Sir Cliff Richard wins more than £210,000 ($273,700) in damages after a BBC reporter got a confidential tip and broke news about a child sex abuse probe. "Breathless sensationalism," writes the judge.
"The veracity of the published information in this case is not in issue. What the BBC published was accurate. What is more questionable is the method of obtaining the information."
That quote comes from a lengthy new decision from the High Court in England, which reviewed a privacy case brought by Sir Cliff Richard, one of the U.K.'s most successful singers ever.
According to the opinion from Sir George Anthony Mann, BBC reporter Daniel Johnson was tipped off about an investigation in the South Yorkshire area pertaining to Richard. The singer was under suspicion for child sex abuse that happened in the 1980s. Johnson learned details including an intention to search the singer's property, and the BBC was able to be there and break the news, igniting a firestorm in the local press.
Now, the BBC has been ordered to pay £210,000 ($273,700) in general damages plus an undetermined amount in special damages arising from the cost for Richard to retain lawyers and a PR firm plus the lost opportunity to publish a revised version of his autobiography.
So where did the BBC go wrong?
Justice Mann writes the police department knew the information was confidential and sensitive and shouldn't have leaked it. "From this Mr. Johnson knew, or ought to have known, that the information was confidential and sensitive," he writes. "It simply ought not to have been disclosed, as the provider of the information doubtless well knew. However, that degree of confidentiality is not a determining factor against publication. The press often performs a valuable function in disclosing information which others might wish to remain private. The privacy, and its degree, is but one factor in the calculation."
Johnson pushed for information from his sources by telling police that if he wasn't provided more, the BBC would publish a story about the investigation before Richard's premises were searched.
Justice Mann doesn't like that.
"Mr. Johnson might regard this sort of thing as 'good old-fashioned journalism,' and in many circumstances there may ultimately be nothing too wrong about it when looked at in the round," states the opinion. "However, in the present case Mr. Johnson relied on a form of threat…"
That weakens the BBC's position, the opinion continues, but there's more to consider. Regardless of the law, there's the BBC's Editorial Guidelines that encourage its journalists to let subjects reply. Here's how Justice Mann presents this issue:
"Although the BBC did not know for certain that Sir Cliff would not be at the property, they knew it was likely, and certainly likely enough that they went to the trouble and expense of having reporters available to interview him (allegedly) in Portugal and Barbados. His absence abroad would be likely to affect the response time in respect of any statement. It then became apparent that his main PR representative, Mr. Hall, was also abroad. Mr. Hall adopted the view that he wanted to understand what the police were saying before he made a comment, and thought for some time (reasonably but incorrectly) that the BBC were trying to extract a confirmation from him rather than actually get a statement in relation to a broadcast that was, at that stage, likely to happen. He did not understand, or quite believe, that a broadcast was as imminent as it turned out to be. He had to work out for himself that the police were not naming Sir Cliff, and that would be a matter which he would need to feed into the mix before replying. His desire for further information, beyond that which the BBC had decided to feed him, before responding, was understandable. I do not think that the circumstances gave him a proper opportunity to prepare a reply before the broadcast…"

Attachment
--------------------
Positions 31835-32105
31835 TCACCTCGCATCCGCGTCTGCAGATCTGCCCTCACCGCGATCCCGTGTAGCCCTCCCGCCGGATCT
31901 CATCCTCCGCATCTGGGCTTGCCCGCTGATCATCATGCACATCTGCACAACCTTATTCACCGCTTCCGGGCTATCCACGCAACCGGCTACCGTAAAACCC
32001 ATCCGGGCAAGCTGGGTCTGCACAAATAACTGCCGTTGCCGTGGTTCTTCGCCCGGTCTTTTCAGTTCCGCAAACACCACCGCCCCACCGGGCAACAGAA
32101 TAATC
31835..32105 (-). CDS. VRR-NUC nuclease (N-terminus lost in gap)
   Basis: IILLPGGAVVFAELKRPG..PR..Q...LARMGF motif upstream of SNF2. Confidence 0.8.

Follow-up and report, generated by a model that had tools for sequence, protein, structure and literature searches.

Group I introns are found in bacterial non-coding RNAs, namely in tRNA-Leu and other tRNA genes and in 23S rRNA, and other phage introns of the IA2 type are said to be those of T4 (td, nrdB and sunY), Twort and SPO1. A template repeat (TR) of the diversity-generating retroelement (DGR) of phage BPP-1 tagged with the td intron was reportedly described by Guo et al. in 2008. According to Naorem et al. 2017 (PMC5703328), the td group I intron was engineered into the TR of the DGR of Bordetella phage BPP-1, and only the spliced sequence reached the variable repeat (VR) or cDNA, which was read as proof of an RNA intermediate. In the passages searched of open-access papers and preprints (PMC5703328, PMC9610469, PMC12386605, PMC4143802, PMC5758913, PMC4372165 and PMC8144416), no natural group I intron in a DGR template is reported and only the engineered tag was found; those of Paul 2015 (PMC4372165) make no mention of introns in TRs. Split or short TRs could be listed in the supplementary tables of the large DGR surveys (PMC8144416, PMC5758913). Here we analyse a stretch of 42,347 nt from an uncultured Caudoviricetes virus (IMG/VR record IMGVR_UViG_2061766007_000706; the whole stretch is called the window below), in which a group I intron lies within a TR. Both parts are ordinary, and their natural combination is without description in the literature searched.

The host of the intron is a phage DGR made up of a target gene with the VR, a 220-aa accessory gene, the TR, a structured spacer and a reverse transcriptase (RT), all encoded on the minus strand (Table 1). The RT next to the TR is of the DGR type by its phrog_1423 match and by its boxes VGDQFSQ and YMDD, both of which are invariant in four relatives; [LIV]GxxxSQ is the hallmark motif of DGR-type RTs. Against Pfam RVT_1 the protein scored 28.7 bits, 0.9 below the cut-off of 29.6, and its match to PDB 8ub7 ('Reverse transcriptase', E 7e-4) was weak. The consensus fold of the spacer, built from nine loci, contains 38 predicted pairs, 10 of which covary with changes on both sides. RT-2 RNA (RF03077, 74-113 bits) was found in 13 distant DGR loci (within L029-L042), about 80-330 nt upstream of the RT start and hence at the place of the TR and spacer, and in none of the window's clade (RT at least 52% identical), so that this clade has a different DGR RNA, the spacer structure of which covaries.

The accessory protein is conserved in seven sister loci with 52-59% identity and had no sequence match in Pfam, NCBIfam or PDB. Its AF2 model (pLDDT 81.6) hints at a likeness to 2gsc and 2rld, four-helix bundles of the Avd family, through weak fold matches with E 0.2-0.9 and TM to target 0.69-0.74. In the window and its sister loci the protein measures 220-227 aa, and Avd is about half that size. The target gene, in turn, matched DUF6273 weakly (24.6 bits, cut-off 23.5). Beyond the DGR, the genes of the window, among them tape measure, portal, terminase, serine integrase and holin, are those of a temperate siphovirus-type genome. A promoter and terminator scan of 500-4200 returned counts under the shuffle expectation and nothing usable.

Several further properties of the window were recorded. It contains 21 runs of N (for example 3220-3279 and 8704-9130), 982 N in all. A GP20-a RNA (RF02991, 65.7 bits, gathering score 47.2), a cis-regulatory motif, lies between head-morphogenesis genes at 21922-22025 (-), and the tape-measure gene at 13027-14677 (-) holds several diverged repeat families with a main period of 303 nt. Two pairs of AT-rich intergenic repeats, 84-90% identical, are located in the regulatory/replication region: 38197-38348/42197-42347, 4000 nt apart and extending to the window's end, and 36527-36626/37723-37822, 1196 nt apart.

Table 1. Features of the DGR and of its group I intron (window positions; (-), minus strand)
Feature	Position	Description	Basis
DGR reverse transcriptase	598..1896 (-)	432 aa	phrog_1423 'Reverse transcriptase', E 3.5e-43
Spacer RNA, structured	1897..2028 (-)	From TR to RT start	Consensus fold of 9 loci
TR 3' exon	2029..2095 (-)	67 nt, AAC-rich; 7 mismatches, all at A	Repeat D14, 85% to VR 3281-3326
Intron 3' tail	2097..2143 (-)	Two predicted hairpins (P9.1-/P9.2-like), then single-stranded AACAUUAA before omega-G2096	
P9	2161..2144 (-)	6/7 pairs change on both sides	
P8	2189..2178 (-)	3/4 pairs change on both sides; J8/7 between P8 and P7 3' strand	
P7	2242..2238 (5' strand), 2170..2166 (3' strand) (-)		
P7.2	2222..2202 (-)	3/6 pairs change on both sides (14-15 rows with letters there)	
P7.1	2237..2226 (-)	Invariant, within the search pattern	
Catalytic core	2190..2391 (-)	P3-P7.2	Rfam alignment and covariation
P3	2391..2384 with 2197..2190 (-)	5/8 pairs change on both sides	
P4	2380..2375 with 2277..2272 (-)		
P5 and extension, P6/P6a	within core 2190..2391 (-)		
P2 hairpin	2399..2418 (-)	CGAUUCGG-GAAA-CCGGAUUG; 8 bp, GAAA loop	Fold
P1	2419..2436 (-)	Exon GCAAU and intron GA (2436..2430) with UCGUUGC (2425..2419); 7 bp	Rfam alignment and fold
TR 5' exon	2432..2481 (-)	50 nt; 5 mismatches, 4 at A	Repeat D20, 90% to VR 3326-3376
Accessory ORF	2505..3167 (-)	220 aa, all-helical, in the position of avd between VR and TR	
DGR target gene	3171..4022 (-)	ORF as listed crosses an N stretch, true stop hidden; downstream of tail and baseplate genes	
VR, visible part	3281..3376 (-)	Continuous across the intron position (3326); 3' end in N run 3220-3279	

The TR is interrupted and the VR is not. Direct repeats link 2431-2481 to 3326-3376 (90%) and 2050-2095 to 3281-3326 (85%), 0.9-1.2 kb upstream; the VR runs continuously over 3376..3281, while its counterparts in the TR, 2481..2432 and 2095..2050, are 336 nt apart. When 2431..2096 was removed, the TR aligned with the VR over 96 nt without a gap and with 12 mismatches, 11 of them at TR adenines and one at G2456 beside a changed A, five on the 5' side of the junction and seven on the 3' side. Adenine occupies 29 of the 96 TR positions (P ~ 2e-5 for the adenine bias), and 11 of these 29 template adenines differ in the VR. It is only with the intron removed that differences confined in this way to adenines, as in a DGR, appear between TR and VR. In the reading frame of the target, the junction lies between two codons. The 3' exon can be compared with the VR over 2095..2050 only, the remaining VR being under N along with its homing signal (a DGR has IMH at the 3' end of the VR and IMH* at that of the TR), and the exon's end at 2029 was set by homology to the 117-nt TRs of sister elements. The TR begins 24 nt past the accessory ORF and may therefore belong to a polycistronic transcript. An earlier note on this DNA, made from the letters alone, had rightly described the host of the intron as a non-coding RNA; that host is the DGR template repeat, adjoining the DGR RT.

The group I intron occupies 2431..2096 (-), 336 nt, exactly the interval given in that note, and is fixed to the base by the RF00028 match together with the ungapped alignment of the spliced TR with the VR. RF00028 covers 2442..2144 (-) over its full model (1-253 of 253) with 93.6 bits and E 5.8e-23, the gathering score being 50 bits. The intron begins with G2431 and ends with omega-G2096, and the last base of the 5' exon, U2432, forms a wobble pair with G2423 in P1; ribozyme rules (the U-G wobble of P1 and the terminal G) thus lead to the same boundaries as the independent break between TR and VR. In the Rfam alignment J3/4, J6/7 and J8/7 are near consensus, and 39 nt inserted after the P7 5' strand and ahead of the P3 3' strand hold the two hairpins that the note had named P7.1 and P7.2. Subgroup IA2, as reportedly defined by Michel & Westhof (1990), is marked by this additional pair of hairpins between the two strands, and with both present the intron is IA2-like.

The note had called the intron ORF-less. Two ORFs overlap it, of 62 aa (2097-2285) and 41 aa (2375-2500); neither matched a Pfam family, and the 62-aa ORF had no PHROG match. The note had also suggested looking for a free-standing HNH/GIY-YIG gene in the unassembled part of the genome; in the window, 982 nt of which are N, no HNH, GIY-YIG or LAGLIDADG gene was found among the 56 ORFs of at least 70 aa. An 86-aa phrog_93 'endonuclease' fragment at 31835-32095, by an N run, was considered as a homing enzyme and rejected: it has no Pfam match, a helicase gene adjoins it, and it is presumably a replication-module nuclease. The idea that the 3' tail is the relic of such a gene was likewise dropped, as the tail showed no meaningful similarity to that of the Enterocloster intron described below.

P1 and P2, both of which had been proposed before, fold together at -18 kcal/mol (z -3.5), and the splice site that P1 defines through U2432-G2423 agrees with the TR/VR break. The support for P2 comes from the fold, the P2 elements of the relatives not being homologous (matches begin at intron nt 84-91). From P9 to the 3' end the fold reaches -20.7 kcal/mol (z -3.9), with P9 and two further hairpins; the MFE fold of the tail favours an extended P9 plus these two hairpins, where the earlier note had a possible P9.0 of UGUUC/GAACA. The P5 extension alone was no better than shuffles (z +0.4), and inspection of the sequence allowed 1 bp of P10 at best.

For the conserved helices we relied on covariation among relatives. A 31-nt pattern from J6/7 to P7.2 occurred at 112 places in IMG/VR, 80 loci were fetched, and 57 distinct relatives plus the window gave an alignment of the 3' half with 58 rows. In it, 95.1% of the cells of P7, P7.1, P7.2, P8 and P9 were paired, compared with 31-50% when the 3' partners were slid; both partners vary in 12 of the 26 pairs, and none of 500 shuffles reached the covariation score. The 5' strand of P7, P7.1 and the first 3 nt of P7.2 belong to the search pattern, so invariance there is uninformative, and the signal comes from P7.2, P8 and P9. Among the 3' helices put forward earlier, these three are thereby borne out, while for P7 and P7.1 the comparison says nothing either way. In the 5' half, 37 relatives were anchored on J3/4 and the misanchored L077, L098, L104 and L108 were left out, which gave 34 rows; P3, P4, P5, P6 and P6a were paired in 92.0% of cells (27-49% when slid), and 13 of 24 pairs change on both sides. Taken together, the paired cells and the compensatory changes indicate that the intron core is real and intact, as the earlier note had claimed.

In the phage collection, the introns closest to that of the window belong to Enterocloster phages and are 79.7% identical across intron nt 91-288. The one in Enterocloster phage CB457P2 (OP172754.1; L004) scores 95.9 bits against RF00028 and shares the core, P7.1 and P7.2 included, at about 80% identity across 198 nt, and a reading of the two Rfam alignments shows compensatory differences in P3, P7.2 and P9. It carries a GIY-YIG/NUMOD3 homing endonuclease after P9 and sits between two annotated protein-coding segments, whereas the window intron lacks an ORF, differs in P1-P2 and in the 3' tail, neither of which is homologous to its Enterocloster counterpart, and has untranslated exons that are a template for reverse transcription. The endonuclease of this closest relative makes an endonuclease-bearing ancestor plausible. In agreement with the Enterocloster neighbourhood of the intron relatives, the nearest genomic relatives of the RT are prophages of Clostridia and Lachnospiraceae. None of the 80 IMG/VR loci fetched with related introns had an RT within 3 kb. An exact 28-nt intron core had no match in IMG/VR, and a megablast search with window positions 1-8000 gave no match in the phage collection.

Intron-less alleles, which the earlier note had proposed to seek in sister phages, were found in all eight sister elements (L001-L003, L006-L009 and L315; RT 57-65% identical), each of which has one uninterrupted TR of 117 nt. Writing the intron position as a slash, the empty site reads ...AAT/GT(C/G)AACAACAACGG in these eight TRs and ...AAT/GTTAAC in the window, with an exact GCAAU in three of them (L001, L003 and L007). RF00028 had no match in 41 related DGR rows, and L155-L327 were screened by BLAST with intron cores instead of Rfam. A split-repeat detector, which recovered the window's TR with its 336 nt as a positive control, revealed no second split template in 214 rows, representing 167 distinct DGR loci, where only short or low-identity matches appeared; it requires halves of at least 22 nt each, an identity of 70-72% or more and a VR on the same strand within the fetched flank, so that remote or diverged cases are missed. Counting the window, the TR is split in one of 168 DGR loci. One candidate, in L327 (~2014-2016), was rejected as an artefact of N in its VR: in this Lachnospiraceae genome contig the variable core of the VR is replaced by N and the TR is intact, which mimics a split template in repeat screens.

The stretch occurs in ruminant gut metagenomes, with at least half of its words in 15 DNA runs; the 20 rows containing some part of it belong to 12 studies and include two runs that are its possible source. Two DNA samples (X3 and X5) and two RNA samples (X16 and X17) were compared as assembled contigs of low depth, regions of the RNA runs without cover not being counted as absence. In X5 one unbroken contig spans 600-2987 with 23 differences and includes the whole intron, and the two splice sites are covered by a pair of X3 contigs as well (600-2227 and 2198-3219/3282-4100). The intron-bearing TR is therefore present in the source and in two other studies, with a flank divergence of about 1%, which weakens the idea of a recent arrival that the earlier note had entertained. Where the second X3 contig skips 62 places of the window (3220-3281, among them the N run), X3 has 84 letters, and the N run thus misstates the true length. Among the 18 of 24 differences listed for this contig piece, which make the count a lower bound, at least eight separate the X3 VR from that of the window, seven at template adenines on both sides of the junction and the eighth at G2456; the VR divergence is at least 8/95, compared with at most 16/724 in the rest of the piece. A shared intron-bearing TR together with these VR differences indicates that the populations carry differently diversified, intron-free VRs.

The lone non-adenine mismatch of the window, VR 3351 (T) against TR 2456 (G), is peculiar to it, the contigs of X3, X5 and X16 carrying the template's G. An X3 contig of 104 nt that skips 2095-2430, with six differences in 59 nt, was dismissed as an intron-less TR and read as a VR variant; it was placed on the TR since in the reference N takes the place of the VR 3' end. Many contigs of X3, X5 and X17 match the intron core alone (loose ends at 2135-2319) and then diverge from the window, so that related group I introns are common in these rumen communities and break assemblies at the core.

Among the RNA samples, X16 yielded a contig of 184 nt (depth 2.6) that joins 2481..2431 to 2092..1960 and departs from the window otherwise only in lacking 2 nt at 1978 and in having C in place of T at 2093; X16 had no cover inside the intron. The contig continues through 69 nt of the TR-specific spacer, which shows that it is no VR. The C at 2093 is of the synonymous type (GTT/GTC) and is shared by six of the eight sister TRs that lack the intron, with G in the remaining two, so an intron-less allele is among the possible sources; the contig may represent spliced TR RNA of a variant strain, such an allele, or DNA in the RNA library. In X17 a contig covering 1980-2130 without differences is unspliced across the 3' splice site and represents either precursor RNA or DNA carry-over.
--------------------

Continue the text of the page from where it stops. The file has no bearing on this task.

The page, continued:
Although many journalists might regard this as BBC going out of its way to give the singer a chance to reply, not Justice Mann. He doesn't think the BBC complied with ethical requirements. Again, though, it doesn't tip the scales.
What about what was broadcast?
Justice Mann sees "a significant degree of breathless sensationalism."
The fact that it was the lead story on the 1 p.m. news; that the story was accompanied by a ticker at the bottom of the screen; how Johnson was broadcasting from outside the property; shots of cars entering the property; helicopter shots; moving pictures of the property; people walking back and forth…
"It may have made for more entertaining and attention-grabbing journalism," says the dour British judge. "It may be justifiable or explicable on the footing that TV is a visual medium and pictures are part of what it does. It did not, however, add any particularly useful information…I still consider that the main purpose of utilizing the helicopter was to add sensationalism and emphasis to the scoop of which the BBC was so proud. The BBC viewed this as a big story, and presented it in a big way. This was also manifested in other aspects of the coverage — the coverage from Portugal, pointless though it turned out to be, lent an urgency to the presentation of the story."
The media critic then adds, "In short, and insofar as it is relevant under this head, the BBC went in for an invasion of Sir Cliff's privacy rights in a big way."
In the end, the decision finds BBC liable for infringing Sir Cliff Richard's privacy rights when it disclosed the very accurate fact that he was the subject of an investigation for historic sexual abuse. Here's the full decision. The BBC says the decision is a "dramatic shift against press freedom" and says it will look into an appeal.